Departures is the winner of the 2009 Academy Award in the category of the Best Foreign Language Picture. Loosely based on a memoir by Shinmon Aoki titled Coffinman: The Journal of a Buddhist Mortician, it tells the story of Daigo Kobayashi (Masahiro Motoki), an ex-cellist who comes to his home town and finds a very undesirable employment as a nōkanshi, a traditional ritual mortician in Japan. The profession attracts strong societal criticism and prejudice, and soon Kobayashi has to justify his choice not only to his wife and those around him, but also to himself, while finding the courage to finally face the most hated man in his life – his own father. Departures is a wonderful film full of humour and touching moments. This film about one man’s journey of self-discovery and finding forgiveness is also an admirable attempt to challenge and to help alleviate the nonsensical and unfair discrimination faced by people who work in this very difficult and challenging profession in Japan.
“It’s funny how fate works, you never know where you’d end up”, says Daigo Kobayashi in the film. And, he really did end up in one strange place. It is impossible to over-emphasise just how discriminatory the profession of a ritual mortician really is in Japan. This is a person who comes into a very close contact with the dead on a daily basis, and, thus, traditionally, these people are also in the category of “unclean” people in Japan, together with butchers and in historic times – executioners, Japan’s burakumin. There is still a great social stigma attached to the people in these professions (largely because of the culture of “purity”), and Daigo Kobayashi in the film finds out just the extent of this discrimination. In fact, when Kobayashi gets his job as a nōkanshi in the story and takes the call in the middle of the night summoning him up to perform his duty to the dead, we feel he is akin to some drug dealer in the west, so much taboo and secrecy must surround what he is about to perform.
When Kobayashi answers to an ad in a newspaper that seeks a person for a company that specialises in “departures”, he feels he is on the right track to become a successful man in some travel agency because the ad does not ask for any experience and allegedly offers much money. Little does he know on what trials he is about to embark. As Kobayashi is clueless about the world of funeral practices in Japan, especially practices in rural areas, it is fascinating to find out step-by-step this world alongside him, a world filled with surprises and shocks. The film stresses the message that the people who work in the funeral sector are ordinary human beings who deserve respect and gratitude for the work they do. They already have an uneasy job at hand, but also have to deal with the grief and traumas of others. Instead of discrimination and rudeness, these people deserve understanding and respect because they do the best they can (someone has to do it), showing warmth and dedication towards their job. The contrast here is key because Daigo Kobayashi comes into this unenviable job from the background of a cellist, a background of pure beauty and “cleanliness” since he previously handed a very beautiful musical instrument that is capable of producing the most divine sounds. And, Daigo Kobayashi still remains the same person full of that inner beauty, despite the profession he has chosen.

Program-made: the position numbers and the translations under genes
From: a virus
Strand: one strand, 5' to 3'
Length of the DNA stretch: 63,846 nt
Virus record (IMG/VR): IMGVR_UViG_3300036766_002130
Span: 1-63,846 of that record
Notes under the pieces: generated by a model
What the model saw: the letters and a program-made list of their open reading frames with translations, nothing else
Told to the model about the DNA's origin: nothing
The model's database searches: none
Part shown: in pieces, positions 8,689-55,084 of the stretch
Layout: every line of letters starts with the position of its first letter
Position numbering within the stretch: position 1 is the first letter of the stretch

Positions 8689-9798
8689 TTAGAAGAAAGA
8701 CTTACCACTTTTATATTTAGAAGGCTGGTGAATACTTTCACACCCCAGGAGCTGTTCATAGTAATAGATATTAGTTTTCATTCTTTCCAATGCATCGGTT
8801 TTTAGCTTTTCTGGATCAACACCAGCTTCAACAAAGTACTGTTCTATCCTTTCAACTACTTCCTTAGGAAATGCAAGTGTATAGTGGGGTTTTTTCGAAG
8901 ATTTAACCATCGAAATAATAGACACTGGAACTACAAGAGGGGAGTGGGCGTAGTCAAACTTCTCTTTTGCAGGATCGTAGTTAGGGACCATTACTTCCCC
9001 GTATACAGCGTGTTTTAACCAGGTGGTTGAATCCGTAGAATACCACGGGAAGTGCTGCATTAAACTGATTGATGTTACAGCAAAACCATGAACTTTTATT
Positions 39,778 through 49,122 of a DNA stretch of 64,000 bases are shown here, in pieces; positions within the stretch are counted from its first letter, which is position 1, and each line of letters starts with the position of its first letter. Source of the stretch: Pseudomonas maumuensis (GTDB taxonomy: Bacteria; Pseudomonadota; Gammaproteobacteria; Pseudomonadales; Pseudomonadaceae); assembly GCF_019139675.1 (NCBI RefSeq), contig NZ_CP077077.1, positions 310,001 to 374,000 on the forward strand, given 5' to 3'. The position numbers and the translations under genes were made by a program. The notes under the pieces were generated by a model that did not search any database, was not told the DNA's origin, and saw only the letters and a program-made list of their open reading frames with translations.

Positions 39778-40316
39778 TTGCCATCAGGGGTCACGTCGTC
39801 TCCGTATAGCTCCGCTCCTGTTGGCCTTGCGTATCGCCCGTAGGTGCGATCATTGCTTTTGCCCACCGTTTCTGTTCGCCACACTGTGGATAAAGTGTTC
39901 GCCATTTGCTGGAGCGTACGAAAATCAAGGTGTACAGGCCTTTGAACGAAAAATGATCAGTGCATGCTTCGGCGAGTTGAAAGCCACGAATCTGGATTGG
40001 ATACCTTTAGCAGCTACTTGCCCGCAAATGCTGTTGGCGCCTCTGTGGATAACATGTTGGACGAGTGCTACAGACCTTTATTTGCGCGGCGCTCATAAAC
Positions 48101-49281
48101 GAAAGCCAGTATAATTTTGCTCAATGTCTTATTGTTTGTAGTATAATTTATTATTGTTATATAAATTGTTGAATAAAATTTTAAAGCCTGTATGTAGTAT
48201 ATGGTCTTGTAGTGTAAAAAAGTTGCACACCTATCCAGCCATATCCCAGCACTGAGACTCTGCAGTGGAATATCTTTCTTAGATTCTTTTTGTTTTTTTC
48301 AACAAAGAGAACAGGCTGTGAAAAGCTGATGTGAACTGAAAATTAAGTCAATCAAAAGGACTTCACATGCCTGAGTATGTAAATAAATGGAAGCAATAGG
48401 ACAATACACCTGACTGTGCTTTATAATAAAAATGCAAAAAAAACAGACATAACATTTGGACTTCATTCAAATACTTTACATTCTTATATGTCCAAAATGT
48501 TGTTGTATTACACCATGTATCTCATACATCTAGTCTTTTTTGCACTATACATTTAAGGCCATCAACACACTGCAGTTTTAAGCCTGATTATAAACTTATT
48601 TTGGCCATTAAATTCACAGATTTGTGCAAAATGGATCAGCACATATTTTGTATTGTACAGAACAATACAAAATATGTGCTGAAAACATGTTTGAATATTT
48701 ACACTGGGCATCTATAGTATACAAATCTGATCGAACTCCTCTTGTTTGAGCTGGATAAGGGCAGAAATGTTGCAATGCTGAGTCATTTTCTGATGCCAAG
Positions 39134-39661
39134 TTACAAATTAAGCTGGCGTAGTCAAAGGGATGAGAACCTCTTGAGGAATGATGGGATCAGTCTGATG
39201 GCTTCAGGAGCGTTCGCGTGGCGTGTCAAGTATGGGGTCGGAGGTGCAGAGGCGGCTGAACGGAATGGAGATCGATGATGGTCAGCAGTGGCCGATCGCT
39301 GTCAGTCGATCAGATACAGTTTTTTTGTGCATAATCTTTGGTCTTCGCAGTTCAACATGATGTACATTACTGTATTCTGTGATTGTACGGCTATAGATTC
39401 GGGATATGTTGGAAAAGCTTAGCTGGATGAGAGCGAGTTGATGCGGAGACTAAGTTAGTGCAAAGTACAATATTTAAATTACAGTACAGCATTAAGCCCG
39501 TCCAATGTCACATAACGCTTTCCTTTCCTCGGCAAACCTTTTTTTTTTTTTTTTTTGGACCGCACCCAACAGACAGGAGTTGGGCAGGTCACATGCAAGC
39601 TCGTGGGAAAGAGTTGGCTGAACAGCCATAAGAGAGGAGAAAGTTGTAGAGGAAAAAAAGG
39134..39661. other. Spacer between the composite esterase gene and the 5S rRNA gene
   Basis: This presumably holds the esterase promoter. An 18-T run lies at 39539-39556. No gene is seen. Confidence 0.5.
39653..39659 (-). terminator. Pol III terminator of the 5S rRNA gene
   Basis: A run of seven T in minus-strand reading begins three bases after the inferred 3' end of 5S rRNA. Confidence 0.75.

Some scenes in the film are too sentimental and could have easily been cut out, as the film is so long, including the scene where Kobayashi’s co-worker tells him how she got into the funeral sector, as well as some aimless scenes with Kobayashi’s wife. In other respects, the way the film mixes sentimentality, sadness and humour is impressive, and there is indeed much unexpected humour inside! The theme of a wife-husband relationship can be contrasted with the theme of a relationship between a boss and an employee. The boss in Departures is one eccentric and likeable individual who stands for wisdom that can only be gained through maturity, and the wife of Kobayashi is the exact opposite, a person full of superstition whose impulsive decisions lead to the couple’s sorrow too. Finally, the hints on symbolism (“the dying octopus”, “the living fish” in the film), poignant moments and the soundtrack by no other than Joe Hisaishi, the composer of most major Studio Ghibli animations, add to all the other merits of the already good movie.
Departures is not just a well-made film, but also a cinematic vehicle to help break down the social prejudice that many morticians still face in Japan, that also emphasises the message of acceptance, non-discrimination, kindness and compassion. Despite its “too-convenient” story lines, sometimes overly-sentimental scenes and its predictable ending, it remains, nevertheless, a brave and heart-warming film in many respects, offering a completely delightful cinematic experience. 8/10